I know some will attack me for this but since I wasn’t there to be a witness of the acts, I choose not to condemn all the people in our history that owned slaves; I choose to condemn the heinous institution of slavery itself. I’m glad it’s gone and I’ll never willing allow such things to take place in the United States as long as I have the fighting ability to help stop it.

    Our past history of slavery casts a dark shadow on the beginnings of the United States but it doesn’t wash away the solid foundation that was created by our founding fathers whether they owned slaves or not. The United States has had some serious growing pains but in the long run I’d like to think that the vast majority of our population has grown well beyond the kind of thinking that justified slavery.

  3. Jan Smithers looks just a bit like my (now deceased) Aunt, who at 95 was, to me, just as beautiful as she was at 30. She (my Aunt) was also what I refer to as a class act…gracious, well-mannered and kind (unlike arrogant, self-righteous and self-absorbed Hanoi Jane) and I bet Ms. Smithers is just as much of a class act.

  4. Forgive my baseball illiteracy, but is Bogaertes a star on the team? I’ve seen the King’s Pass come into play in situations like this as well- a lesser player gets no leniency if they play wrong, while with a top performer the attitude seems to be somewhere between indulgent (Oh, he’s so good we can let him get away with that weird thing he does) and superstitious (Dear God, he’s performing so well let’s not change anything about how he plays!)

    I still smile fondly at the memory of a certain University of Michigan Quarterback who played with his shoes untied- the video of him getting tackled clean out of those shoes should have been proof enough for anyone to tell him to knock it off.

  5. Number 1. Nothing to see here. I can’t help but recall all the contortions Sparan went through to establish that what HRC had and hadn’t done with her computer was just standard operating procedure and not significant.

    • That’s not quite fair, though. What SS said was that technological ignorance, malpractice and incompetence was epidemic across the Federal government. She didn’t excuse it, but she said that it was hard to lower the boom on Clinton when her conduct (not the private server) was so widespread….as the fact that Comey and others were using personal accounts demonstrates.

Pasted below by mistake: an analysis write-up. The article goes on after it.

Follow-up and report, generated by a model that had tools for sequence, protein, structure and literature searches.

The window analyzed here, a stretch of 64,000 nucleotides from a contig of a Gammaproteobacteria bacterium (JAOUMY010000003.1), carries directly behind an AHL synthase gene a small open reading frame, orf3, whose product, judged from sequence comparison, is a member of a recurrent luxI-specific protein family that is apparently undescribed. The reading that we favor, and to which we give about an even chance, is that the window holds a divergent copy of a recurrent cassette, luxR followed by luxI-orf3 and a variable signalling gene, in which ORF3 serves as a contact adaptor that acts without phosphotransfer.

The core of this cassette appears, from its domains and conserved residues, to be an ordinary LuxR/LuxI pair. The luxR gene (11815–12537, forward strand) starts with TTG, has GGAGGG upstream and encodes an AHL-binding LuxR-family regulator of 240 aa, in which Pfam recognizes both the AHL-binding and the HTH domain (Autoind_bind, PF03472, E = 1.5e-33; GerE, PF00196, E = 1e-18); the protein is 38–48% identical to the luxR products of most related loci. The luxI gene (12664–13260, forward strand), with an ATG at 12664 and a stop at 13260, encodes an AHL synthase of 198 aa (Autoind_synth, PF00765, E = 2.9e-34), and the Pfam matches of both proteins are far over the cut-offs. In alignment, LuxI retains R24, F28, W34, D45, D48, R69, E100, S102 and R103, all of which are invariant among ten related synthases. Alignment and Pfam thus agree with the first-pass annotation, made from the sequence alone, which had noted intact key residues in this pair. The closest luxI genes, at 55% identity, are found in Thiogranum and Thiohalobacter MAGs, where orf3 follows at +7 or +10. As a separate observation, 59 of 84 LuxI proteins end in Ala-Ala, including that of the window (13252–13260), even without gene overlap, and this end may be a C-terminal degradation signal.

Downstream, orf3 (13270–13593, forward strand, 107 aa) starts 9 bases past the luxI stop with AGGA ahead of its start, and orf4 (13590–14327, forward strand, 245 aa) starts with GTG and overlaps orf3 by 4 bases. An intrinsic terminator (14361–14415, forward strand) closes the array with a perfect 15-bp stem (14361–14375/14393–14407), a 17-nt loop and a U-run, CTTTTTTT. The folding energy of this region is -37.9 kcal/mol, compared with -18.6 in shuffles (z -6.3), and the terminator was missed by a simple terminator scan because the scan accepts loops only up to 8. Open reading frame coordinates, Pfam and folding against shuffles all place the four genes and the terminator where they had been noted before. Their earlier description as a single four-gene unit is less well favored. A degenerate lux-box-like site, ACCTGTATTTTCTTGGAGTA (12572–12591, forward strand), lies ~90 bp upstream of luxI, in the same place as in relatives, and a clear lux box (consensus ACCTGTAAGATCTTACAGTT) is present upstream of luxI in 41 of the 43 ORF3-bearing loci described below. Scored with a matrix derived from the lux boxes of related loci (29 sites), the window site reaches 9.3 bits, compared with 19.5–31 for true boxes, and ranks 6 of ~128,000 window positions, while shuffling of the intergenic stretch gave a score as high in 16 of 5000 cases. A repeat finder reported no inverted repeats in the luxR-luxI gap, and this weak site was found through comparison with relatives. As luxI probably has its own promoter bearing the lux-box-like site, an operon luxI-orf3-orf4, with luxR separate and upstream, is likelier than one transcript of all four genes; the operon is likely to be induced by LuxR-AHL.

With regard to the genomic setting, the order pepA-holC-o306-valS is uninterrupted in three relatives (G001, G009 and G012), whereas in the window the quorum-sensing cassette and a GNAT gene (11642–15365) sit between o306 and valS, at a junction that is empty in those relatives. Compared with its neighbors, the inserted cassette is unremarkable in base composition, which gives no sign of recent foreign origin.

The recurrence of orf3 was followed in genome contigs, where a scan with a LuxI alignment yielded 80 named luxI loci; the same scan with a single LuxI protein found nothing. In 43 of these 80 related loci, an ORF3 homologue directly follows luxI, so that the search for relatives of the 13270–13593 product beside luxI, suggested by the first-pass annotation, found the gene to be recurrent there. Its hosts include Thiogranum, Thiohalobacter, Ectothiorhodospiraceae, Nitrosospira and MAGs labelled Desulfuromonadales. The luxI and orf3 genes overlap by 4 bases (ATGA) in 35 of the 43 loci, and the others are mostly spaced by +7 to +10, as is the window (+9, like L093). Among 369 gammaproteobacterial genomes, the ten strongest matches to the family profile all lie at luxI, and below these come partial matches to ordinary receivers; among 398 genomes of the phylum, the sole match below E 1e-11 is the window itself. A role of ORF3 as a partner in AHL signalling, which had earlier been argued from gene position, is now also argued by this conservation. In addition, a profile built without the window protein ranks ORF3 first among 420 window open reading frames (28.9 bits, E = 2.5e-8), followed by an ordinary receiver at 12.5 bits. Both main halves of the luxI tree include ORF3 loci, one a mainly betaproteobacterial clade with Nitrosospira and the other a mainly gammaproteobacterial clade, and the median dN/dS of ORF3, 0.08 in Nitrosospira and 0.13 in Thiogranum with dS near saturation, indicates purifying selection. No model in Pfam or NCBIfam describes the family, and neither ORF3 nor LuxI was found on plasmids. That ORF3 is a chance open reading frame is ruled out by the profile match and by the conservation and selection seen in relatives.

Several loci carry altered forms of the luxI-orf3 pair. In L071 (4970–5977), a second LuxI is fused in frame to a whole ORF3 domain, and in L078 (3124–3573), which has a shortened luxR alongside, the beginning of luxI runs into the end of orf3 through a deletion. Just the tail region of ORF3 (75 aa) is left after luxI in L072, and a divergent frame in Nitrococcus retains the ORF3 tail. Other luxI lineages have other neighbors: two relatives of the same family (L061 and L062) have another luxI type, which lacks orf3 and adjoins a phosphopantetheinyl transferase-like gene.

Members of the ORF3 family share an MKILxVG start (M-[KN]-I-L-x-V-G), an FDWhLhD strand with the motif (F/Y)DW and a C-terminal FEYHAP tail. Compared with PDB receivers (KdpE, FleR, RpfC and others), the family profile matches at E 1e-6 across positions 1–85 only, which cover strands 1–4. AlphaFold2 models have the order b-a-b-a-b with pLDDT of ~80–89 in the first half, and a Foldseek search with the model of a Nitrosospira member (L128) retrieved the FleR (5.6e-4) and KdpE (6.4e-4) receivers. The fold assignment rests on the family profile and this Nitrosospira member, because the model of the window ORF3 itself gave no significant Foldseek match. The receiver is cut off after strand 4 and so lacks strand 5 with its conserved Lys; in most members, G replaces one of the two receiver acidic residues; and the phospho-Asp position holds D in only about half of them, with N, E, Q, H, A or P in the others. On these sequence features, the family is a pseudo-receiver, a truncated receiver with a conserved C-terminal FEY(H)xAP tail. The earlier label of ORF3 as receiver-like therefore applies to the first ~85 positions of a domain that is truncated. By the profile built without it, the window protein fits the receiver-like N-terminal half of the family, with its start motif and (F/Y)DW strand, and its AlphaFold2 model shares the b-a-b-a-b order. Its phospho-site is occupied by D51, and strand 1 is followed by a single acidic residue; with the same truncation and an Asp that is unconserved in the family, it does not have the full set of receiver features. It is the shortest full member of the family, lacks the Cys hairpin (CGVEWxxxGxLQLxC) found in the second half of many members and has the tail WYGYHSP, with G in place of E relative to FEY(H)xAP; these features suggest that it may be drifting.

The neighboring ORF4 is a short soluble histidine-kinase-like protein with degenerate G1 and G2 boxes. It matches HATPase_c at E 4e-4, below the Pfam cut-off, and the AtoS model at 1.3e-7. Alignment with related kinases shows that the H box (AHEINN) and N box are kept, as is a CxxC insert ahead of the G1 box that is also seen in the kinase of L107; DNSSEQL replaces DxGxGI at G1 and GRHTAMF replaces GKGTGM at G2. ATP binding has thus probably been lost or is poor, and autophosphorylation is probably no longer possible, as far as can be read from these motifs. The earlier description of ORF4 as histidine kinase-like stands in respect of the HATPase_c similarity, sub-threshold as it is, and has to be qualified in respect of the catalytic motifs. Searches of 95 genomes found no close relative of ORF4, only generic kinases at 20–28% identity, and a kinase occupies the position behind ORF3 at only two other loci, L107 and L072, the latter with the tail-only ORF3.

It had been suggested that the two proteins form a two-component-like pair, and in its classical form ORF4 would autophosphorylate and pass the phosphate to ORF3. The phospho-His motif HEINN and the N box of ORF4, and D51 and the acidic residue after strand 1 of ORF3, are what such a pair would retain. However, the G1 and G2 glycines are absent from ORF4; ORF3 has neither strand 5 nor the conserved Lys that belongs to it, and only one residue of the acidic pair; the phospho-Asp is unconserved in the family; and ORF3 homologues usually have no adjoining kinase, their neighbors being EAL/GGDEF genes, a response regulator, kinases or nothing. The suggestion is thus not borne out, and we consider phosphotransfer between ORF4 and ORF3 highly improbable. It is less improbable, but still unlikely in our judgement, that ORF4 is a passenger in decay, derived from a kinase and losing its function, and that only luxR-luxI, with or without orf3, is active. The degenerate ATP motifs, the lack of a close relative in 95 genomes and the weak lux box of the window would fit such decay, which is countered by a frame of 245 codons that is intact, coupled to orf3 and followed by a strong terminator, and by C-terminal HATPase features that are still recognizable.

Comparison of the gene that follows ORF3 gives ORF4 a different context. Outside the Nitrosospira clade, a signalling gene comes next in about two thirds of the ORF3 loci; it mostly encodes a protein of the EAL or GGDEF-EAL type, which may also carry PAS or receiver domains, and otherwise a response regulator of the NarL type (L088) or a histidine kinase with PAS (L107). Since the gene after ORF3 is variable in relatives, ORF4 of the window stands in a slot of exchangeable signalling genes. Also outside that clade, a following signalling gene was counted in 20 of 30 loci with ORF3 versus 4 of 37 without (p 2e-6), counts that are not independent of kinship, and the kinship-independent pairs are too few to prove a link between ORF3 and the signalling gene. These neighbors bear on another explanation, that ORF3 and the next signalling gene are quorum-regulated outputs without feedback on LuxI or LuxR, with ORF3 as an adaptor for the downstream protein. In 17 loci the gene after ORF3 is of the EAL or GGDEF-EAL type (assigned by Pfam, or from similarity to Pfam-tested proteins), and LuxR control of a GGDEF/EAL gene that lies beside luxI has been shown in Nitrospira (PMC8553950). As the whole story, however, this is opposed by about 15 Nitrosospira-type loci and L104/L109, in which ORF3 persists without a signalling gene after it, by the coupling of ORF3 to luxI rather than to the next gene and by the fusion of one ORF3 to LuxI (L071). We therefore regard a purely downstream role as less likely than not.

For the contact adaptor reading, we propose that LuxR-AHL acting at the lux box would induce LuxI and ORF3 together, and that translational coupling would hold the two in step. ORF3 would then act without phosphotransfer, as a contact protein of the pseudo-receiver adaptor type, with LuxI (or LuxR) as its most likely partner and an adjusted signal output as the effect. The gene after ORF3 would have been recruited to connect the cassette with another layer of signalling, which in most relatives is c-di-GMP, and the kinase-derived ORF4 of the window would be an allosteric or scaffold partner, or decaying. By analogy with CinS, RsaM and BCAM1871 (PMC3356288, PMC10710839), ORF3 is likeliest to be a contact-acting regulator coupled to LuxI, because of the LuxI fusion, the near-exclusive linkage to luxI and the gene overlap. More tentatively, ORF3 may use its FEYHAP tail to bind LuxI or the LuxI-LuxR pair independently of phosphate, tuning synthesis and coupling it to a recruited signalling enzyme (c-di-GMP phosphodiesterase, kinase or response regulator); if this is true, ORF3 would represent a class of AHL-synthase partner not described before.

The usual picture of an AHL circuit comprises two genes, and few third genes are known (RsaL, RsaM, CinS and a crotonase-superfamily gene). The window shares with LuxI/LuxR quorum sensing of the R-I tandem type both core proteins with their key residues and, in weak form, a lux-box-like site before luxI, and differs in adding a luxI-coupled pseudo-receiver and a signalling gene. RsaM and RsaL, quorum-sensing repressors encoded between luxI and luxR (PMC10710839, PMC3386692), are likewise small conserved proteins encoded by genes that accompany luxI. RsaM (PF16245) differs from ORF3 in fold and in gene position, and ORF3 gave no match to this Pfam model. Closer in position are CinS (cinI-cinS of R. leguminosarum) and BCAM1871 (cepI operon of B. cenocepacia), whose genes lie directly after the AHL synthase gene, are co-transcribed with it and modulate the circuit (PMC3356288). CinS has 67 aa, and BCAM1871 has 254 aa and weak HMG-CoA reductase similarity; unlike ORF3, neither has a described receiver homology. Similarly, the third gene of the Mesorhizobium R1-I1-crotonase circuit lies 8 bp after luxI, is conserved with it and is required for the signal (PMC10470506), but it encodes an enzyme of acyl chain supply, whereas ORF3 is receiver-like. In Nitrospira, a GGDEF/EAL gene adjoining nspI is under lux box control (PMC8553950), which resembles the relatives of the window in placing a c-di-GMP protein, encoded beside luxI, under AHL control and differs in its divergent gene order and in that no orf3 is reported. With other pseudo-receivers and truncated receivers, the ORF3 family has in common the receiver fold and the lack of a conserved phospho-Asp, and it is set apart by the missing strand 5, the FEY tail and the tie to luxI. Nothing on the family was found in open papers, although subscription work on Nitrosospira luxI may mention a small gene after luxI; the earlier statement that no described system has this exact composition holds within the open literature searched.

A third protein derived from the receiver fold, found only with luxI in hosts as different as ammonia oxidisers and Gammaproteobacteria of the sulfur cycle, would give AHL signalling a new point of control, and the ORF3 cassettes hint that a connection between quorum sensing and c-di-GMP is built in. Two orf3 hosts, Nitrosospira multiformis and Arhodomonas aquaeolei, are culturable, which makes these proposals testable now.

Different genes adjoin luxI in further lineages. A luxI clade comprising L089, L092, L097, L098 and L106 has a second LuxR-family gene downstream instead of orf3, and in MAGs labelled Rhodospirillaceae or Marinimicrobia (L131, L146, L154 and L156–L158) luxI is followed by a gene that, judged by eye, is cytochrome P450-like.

• Everyone does it. Comey and Strozek and Lynch should use that defense if they’re disciplined or prosecuted for ignoring policies. The President used a pseudonym via a home brew server via a non governmental email address to communicate with the Sec of State whileshe was in Russia? RUSSIA? You know, the source of all evil in the world and the master of Donald Trump? That’s pathetic. These are bright people with important jobs? Arrogant fools, more precisely.

  6. More lies because scandal sells. The same source for the Hemings story, a disgruntled office seeker, also claims Sally was a “slut common as the pavement,” who was “romping with half a dozen black fellows,” and had serviced “fifteen or thirty gallants of all colors.” Funny how that doesn’t get as much play.

  7. (1.) The logical part of my brain cannot accept the idea that Clinton set up the private server just for convenience. Anyone at that level of the government has any number of minions scurrying about to make everything convenient.
    The evil part of my brain can conjure up some other reasons, the least troubling of which is that there was some overlap between official business and Clinton Foundation business, and that overlap, if revealed, would be embarrassing to the Secretary and to the U.S.
    If there were something even more nefarious going on, it might very well be in the interest of the United States to conceal that from the public for a good long time. Then, an investigation might not follow standard practices (testimony under oath, separate questioning of persons of interest, confiscation of devices, etc.).
    The IG report says the private server very likely was compromised by hostile actors, and that’s when the really evil part of my brain issues an alert, asking, well, was there just incompetence, carelessness, or stupidity? Or, something else entirely?
    And then the logical part kicks in and says, “Forget it. You’re never going to know. Just like some things about the Kennedy assassination more than five decades later, there are things far too sensitive for any ordinary citizen like you.”

    • I’m one of those dreaded middle managers in IT and am responsible for IT infrastructure at my organization (servers, storage, networks, telecommunications). The worst thing in my department is managing the email system. No one in their right mind would set up an manage an email sever “for convenience,” especially if you can use one provided by someone else. The only reason I can think of is you don’t want that someone else to have access to emails you send and receive.

  8. Yes, we are arguing whether a slave can meaningfully consent to demands from a master.

    That is a stupid question. The question is whether Hemings could consent to advances from Jefferson. Factually, yes. Legally, maybe not But, you are substituting legality for reality. The law negates consent. But, that is a legal construct. It says next to nothing about real people